LOS ANGELES — Every year, across many neighborhoods in the country, a new Laundromat opens its doors, ready to answer the laundry needs of those in the community.
But before the first washer is loaded, much work, preparation and planning has to be taken care of to ensure the success of the coin laundry.
Some will spend a month or two applying a fresh coat of paint and investing in a few equipment upgrades before they open their doors, while others will spend months upon months gutting and completely rehabbing a space to make it their own.
Some operators start completely from scratch, scouting the ideal location and building their dream coin laundry from the ground up.
Here, you will read about the process several store owners took to draft and establish their ideal coin laundry—from concept and design, to the renovation and construction work, and to the long-awaited day when they could finally open the doors.
Though each took a different path, all tell tales of how hard work led them to design their own success.
Nestled in “the heart of Los Angeles,” just minutes from Hollywood and Paramount Studios, stands coin laundry operator Gary Thompson’s Laundromat, aptly named Laundrywood.
Officially opened in late 2013, Laundrywood became Thompson’s second laundry under the “Clean. Green. Express.” tagline.
The 8,000-square-foot “megastore” is housed in a renovated early 20th Century building, which came into fruition after Thompson reached out to Van Merril of Continental Girbau West, a laundry equipment distributor in Santa Fe Springs, Calif.
Continental Girbau says that the building underwent an “extensive overhaul”—the structure lacked proper electrical wiring, its foundation was at multiple levels, and it was located on a “rundown street” lined with abandoned vehicles.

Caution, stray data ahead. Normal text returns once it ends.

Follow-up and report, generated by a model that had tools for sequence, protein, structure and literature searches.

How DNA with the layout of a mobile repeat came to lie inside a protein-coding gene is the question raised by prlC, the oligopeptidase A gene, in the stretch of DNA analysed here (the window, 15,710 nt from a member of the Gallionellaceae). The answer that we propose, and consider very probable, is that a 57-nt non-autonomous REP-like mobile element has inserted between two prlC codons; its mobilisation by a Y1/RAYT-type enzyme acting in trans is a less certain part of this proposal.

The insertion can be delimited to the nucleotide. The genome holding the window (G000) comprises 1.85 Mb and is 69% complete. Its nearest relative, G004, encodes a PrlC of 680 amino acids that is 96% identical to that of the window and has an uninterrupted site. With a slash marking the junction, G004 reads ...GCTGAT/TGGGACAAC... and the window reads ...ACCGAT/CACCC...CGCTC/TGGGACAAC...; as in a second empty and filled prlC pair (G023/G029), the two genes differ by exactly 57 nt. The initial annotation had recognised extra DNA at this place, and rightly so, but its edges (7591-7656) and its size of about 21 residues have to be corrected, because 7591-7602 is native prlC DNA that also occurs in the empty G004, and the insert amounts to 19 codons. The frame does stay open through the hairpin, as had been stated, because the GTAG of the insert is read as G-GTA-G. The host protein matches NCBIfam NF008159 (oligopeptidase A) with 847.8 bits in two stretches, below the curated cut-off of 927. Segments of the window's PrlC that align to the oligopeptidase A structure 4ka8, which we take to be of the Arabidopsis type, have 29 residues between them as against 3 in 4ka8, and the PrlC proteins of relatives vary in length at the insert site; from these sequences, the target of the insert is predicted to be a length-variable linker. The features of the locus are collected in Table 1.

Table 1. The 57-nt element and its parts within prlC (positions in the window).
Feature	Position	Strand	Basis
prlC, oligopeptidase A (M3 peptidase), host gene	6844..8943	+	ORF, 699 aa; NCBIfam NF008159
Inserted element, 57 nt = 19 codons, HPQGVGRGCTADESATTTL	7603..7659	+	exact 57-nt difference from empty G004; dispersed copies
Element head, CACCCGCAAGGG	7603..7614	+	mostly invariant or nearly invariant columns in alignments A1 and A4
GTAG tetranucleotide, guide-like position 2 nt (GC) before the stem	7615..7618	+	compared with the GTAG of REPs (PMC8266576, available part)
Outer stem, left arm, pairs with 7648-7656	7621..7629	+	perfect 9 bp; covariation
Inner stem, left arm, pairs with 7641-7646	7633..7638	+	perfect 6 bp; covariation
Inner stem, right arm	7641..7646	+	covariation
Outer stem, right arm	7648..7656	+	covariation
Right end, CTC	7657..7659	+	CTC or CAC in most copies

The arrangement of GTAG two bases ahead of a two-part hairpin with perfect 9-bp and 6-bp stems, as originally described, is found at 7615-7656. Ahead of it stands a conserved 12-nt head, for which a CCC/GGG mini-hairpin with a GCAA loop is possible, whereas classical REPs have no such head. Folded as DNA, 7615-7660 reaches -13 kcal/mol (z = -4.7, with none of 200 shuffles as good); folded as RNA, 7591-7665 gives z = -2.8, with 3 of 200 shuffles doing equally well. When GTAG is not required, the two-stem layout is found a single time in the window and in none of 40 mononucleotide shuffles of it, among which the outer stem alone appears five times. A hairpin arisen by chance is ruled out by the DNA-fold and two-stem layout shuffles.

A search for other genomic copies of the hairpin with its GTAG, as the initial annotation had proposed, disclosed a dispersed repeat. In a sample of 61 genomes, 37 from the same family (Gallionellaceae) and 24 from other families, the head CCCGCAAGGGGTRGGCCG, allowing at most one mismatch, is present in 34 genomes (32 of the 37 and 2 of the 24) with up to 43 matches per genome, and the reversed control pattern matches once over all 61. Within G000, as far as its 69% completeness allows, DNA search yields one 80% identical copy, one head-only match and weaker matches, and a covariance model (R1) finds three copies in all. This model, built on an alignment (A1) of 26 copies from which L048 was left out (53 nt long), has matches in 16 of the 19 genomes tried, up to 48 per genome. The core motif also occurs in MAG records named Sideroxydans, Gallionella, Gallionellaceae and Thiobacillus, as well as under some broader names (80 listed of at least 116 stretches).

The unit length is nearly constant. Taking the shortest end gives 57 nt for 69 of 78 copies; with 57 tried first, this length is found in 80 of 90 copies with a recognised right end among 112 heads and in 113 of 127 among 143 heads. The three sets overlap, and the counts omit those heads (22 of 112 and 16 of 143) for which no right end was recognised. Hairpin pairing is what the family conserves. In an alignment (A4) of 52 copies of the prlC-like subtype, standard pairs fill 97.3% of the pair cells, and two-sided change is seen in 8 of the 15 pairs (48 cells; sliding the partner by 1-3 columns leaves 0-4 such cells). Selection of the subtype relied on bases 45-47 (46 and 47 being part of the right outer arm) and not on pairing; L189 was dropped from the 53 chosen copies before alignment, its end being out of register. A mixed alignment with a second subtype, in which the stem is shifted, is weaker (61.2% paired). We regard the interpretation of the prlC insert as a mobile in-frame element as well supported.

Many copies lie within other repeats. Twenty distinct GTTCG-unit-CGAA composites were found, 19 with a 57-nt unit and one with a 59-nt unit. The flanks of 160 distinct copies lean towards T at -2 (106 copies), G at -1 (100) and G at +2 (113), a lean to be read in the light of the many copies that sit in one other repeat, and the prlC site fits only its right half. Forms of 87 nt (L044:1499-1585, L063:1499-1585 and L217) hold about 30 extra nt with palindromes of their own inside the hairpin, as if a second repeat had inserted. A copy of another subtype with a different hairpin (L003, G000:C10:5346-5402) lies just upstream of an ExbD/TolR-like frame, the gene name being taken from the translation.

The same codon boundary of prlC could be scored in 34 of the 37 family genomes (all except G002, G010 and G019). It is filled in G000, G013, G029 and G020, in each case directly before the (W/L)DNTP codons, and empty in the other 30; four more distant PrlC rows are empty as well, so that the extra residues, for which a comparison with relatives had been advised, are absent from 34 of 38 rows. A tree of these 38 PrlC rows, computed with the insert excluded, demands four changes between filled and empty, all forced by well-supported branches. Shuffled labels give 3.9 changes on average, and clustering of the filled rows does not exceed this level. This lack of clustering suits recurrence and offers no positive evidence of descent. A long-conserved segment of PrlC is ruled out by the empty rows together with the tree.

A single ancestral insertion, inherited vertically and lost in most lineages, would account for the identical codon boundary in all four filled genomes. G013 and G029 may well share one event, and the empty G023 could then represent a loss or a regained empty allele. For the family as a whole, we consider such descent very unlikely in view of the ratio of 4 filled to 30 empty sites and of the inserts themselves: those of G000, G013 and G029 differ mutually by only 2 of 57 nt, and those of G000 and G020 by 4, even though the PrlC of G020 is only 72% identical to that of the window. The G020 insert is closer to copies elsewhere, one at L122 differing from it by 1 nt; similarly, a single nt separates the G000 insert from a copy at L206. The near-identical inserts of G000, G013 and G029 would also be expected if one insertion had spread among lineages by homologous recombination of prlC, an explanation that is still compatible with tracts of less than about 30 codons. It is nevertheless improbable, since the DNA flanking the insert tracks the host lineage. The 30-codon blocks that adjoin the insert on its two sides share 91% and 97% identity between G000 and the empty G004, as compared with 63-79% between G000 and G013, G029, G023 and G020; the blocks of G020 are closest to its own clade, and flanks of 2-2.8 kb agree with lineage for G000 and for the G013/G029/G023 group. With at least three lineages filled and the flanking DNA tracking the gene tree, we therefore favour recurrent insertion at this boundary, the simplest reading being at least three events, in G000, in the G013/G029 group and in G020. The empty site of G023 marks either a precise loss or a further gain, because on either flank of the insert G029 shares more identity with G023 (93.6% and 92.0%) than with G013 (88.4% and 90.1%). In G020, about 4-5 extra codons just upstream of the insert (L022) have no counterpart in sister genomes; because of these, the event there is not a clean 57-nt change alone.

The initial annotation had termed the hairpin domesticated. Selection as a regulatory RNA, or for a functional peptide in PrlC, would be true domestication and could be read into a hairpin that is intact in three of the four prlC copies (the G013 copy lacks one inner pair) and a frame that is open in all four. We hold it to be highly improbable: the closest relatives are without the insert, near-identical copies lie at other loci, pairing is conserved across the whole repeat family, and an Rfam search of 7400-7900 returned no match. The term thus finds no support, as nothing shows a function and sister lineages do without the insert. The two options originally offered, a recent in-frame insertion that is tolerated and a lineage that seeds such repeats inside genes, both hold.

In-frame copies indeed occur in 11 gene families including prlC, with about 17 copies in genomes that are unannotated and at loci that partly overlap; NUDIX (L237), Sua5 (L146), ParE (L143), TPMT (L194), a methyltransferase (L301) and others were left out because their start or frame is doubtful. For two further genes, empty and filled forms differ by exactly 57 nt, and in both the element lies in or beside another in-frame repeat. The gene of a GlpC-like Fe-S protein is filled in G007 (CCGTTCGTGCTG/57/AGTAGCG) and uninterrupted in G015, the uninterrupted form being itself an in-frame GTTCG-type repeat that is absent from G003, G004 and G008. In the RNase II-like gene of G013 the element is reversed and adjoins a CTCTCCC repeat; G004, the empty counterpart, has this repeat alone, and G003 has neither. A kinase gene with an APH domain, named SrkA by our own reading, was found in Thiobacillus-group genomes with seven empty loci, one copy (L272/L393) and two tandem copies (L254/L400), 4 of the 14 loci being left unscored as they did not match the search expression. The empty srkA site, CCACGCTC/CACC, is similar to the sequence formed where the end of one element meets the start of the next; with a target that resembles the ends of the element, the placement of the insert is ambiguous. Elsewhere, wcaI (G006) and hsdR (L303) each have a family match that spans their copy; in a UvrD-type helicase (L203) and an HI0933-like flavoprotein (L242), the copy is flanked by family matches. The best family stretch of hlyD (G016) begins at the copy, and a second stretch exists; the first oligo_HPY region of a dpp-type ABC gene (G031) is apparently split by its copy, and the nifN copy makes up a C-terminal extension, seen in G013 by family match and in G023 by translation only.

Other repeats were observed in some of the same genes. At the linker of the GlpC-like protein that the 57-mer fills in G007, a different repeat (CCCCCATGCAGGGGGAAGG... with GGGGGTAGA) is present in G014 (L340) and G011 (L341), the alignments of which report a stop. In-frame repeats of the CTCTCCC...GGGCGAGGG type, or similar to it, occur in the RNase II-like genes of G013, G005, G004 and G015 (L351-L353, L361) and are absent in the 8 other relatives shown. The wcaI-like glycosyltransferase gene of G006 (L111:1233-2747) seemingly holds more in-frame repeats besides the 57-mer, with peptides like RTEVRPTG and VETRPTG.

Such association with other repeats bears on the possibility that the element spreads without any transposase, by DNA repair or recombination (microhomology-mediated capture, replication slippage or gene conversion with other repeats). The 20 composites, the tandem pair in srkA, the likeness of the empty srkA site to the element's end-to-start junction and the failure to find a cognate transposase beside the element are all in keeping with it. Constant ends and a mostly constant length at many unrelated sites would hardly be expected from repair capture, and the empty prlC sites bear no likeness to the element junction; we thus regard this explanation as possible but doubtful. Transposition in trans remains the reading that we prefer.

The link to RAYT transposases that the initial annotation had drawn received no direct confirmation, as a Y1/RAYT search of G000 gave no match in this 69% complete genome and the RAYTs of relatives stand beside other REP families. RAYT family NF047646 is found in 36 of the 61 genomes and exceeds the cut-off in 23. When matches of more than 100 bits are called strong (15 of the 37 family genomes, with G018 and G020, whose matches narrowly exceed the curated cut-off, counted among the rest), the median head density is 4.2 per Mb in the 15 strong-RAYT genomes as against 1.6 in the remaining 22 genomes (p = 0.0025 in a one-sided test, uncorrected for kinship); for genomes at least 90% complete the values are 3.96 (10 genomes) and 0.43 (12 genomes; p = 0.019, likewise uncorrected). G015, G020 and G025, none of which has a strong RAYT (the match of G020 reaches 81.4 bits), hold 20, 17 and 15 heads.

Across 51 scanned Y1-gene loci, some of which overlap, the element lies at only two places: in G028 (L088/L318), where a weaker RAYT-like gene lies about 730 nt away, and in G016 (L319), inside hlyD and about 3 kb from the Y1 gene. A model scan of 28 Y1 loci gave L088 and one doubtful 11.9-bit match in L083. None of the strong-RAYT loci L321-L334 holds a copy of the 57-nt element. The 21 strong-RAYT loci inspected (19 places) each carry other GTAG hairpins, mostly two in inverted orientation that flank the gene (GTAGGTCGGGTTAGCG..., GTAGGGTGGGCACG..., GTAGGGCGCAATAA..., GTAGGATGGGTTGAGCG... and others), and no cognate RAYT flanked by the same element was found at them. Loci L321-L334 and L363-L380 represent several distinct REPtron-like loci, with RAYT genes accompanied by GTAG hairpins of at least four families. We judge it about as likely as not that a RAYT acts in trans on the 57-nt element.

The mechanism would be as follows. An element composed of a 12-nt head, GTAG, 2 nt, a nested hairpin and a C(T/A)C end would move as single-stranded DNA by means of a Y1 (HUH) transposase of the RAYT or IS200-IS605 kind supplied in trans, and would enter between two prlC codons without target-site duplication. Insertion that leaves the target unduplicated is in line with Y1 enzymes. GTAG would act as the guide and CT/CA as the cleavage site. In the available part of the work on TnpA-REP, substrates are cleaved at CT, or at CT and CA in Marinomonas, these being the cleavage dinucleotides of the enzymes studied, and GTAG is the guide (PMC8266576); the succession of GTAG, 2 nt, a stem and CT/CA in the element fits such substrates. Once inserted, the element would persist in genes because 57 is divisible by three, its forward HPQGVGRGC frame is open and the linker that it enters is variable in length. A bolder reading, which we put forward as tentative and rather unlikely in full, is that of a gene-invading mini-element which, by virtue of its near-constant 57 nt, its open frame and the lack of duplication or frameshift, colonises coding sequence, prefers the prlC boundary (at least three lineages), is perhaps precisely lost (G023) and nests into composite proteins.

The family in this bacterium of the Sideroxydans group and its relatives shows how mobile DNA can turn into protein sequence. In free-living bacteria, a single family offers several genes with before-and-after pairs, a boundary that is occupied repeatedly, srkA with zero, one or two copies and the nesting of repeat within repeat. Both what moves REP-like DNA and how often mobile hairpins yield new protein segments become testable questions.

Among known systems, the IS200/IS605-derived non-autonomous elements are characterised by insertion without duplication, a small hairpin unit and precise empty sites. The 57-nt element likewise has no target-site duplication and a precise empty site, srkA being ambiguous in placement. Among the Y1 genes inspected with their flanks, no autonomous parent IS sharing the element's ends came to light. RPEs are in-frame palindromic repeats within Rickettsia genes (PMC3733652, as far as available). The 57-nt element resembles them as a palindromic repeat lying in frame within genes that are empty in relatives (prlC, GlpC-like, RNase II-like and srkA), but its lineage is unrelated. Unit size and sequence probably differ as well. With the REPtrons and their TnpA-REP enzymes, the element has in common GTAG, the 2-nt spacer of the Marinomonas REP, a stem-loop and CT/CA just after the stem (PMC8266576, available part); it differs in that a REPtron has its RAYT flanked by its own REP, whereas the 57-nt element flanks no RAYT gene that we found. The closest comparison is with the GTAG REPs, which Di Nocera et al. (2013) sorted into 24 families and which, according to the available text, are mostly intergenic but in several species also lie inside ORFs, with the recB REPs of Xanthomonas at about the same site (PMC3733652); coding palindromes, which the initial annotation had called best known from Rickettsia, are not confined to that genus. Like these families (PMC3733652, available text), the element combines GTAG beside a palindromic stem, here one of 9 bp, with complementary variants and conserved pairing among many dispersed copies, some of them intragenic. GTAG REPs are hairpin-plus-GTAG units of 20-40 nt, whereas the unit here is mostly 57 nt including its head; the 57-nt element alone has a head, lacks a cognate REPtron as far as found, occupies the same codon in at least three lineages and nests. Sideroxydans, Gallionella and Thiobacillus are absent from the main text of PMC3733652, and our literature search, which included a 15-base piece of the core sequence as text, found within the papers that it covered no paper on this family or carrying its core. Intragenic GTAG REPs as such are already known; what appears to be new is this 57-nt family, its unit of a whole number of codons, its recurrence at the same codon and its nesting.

The project required assistance from the Los Angeles Mayor’s Office, which worked to clean up parking, clear out the abandoned cars and secure power to the building, says Continental Girbau. More than $60,000 in economic assistance was facilitated into the project.
“The grant was awarded because Laundrywood not only improves the vitality of the area, it offers energy- and water-efficient Continental ExpressWash Washers,” says Merrill. “The mayor’s office was impressed with Gary’s first store, Fair Oaks Laundry, in Pasadena, and wanted something similar to spur an economic rebirth in this part of town.”
Installed with Card Concepts’ card system, the store’s Continental Girbau laundry equipment includes nine 75-pound PowerLoad washers, 30 20-pound ExpressWash washers, 24 40-pound ExpressWash washers, and complementing ExpressDry dryers, according to the company.
Continental explains that the ExpressWash washers reach extract speeds of up to 354 G-force, providing benefits to both laundry customers and Thompson’s bottom line.
“The ExpressWash washers make it possible to wash and dry laundry in less than 60 minutes by removing more water and moisture during extract,” explains Thompson. Because of this feature, Laundrywood’s utility costs are just 16% of total gross revenue, Continental Girbau reports.
The Card Concepts card system also provides benefits to both Thompson and his customers. It allows him to tweak programs for marketing purposes, as well as program machines, and view washer operation statistics remotely from a computer, tablet or cell phone, according to Continental Girbau.
Thompson has included amenities to help customers pass the time, like massage chairs, large flat-screen TVs, a touch-tunes jukebox, video games, a kids’ play area and a granite “Wi-Fi counter” with charging stations for laptops, tablets and phones.
“We tried to make it a destination—a place to do laundry, have fun, chat and hang out,” says Thompson.
In addition to servicing its walk-in laundry customers, Laundrywood also provides wash-dry-fold, drop-off dry cleaning and commercial laundry services.
“We’re going after professionals, spas, nail salons, multi-store chains and small hotels,” explains Thompson. “Laundrywood is still new, and we are working to build our commercial customer base, but I’m hopeful that wash-dry-fold will grow to make up 30-35% of gross revenue.”
Soon, Thompson is planning to launch a concierge, door-to-door laundry service, according to Continental Girbau.
Store owners, do you have a unique story to tell about your laundry? Equipment manufacturers, distributors or suppliers—did you play a part in the creation of a new store, or in giving an existing store new life? Send me an e-mail at [email protected] with all the details!